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[email protected] | 14Oct2014 | Will Zuzak

Prognosis on 26Oct2014 elections to Verkhovna Rada

It is amazing how little has changed since I was in Ukraine as an Election Observer for the parliamentary elections on 26Mar2006 as recorded under Will Zuzak Letters on my MoZeus page at http://www.willzuzak.ca/tp/index.html
or specifically
SPALAKH: UPA resistance in the Bereziv region Book Review, May 31, 2006
Zuzak Ukraine Political Report; Part II Jun. 02, 2006
Zuzak Ukraine Election Report; Part I Sunday, Mar. 26, 2006

Today, 14Oct2014, there were marches all across Ukraine to commemorate the 72nd anniversary of the establishment of UPA and the thousands of UPA fighters who sacrificed their lives in an effort to establish an independent Ukraine. Since November 2013, thousands more Ukrainians have died in an effort to maintain Ukraine's independence and territorial integrity against the ravages of Vladimir Putin's regime. And yet the Verkhovna Rada has once again declined to designate these patriots as heroes. In my review of the book SPALAKH noted above, I highlight the life of Oleksandra (Tomych) Payevska and conclude my review as follows:
The spirit of "Orysia" from Nyzhni Bereziv reflects the aspirations of hundreds of thousands of her compatriots, who fought for freedom from the Polish, German and Soviet occupations -- and for an independent Ukraine. I would suggest that every deputy in the Verkhovna Rada -- including those from the Party of Regions and the Communist Party -- has a duty to recognize her and the UPA as true Ukrainian patriots. Otherwise, the deputies themselves could be labeled as "enemies of the Ukrainian people".

In my Election Report, Part I, I conclude:
On 26 March 2006, the Ukrainian people democratically elected and legitimized the 450 "criminals" (with immunity from prosecution for criminal acts) to the Verkhovna Rada. In other words, although the election procedures were fair and legitimate, the legitimacy of the politicians ranked in the "party lists" of the various Parties is questionable.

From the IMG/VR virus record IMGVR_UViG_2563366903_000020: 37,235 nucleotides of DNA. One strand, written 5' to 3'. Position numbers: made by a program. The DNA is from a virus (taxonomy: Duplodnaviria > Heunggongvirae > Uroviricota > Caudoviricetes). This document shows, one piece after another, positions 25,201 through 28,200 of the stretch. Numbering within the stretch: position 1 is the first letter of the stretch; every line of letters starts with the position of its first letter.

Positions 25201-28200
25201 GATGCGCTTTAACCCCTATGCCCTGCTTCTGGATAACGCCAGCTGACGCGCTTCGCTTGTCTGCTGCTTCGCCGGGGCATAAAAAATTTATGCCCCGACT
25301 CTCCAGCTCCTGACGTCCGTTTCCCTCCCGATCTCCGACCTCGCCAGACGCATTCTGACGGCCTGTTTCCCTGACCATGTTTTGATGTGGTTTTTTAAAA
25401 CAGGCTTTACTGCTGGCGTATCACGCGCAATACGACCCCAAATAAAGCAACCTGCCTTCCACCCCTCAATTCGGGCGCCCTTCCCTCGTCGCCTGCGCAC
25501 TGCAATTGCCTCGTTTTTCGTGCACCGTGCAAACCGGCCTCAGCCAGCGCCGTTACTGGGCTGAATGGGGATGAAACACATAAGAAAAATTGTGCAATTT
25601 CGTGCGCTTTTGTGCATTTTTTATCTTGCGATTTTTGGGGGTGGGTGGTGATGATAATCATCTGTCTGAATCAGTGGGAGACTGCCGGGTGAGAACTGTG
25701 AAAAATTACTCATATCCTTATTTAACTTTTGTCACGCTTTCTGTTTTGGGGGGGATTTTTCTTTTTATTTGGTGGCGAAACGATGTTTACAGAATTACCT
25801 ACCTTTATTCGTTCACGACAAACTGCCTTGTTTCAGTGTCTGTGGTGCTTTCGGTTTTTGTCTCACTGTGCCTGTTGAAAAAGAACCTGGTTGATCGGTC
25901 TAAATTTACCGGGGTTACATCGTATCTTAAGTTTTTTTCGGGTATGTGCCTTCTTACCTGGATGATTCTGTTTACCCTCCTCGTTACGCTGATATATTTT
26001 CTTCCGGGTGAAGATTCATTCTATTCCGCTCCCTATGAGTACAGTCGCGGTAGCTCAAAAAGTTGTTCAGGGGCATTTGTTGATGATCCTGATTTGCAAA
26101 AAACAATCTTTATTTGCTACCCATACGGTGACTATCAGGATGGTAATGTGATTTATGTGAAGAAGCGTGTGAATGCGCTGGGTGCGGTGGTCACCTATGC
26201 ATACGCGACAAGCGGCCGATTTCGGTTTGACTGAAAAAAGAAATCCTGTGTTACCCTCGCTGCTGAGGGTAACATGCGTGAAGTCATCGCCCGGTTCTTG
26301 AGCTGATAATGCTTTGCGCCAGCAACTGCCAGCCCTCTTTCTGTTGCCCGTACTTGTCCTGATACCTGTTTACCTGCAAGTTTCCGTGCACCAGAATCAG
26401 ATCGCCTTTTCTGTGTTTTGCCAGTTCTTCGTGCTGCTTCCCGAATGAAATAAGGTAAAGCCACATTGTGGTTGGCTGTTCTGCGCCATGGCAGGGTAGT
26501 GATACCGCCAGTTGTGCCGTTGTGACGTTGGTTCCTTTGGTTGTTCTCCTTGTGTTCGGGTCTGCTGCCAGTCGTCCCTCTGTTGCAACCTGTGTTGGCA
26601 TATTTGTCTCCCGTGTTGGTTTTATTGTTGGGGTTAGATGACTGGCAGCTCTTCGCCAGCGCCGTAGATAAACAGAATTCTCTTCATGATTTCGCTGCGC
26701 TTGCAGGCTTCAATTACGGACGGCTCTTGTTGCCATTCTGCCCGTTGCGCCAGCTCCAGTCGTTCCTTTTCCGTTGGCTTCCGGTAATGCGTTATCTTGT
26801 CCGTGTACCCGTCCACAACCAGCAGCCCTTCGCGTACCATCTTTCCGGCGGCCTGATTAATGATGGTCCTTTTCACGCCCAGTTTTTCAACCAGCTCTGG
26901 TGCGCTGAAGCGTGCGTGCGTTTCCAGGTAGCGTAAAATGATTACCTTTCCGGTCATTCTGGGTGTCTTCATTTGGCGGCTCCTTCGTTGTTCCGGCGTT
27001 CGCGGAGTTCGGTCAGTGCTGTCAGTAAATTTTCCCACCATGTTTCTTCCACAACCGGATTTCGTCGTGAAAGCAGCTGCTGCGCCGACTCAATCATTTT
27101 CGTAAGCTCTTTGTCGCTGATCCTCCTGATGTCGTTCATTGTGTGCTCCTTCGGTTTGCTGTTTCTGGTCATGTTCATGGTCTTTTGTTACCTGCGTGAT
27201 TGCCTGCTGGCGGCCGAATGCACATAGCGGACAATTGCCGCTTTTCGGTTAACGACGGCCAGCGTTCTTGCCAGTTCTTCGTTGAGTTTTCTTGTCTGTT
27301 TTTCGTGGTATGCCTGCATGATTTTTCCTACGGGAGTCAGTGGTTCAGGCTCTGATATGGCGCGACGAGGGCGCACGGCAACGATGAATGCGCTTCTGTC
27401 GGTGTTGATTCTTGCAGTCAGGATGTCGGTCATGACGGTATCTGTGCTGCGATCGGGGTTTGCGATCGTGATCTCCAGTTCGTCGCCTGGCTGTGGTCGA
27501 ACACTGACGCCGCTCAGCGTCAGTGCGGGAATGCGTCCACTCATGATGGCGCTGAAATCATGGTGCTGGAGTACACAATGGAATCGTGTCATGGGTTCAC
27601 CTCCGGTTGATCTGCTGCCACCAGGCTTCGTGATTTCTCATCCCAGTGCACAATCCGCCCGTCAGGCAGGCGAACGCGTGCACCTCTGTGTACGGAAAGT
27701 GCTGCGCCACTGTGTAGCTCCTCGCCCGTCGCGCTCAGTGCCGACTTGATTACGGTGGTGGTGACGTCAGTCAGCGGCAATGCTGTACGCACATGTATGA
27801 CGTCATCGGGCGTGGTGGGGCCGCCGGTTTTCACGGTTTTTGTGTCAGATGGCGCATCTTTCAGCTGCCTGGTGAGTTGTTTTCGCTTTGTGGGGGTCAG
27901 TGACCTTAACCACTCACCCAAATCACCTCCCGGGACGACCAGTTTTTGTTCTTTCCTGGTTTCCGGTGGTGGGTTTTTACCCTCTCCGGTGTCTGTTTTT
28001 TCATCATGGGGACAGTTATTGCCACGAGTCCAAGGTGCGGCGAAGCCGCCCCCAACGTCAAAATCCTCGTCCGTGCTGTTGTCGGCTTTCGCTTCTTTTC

In my Political Report, Part II, I outline the political realities in Ukraine at that time. I suggest that the "rankings on the party lists should be removed from the party heirarchy and placed in the hands of either the general electorate, or members of the particular party, or even the very people on the lists (via secret ballot). Whether this should be done, before the election campaign, during the election campaign or even after the elections is unclear. One can also envision the Central Electoral Commission conducting scientifically rigorous polling in this regard. Whatever the optimum solution, it is absolutely necessary for the electorate to have some oversight or "checks and balances" on the composition of the party lists." My concluding paragraph reads as follows:
The word "kripaky" in the Ukrainian language translates into "serfs" in the English language. Ukrainians were "kripaky" in the Russian Tsarist and Austro-Hungarian Empires during the middle ages up to the twentieth century. The Ukrainian (and Russian) people were "kripaky" in the Bolshevik/Communist Empire in the twentieth century. Will they end up being "kripaky" to the Oligarchs in the twenty-first century?

The parliamentary elections to the Verkhovna Rada are scheduled for 26Oct2014 (if Vladimir Putin allows them to proceed). Obviously, the circumstances and election environment are more critical than they were eight years ago. Can Ukrainians hope for a positive result?

Respectfully submitted
Will Zuzak; 2014.10.14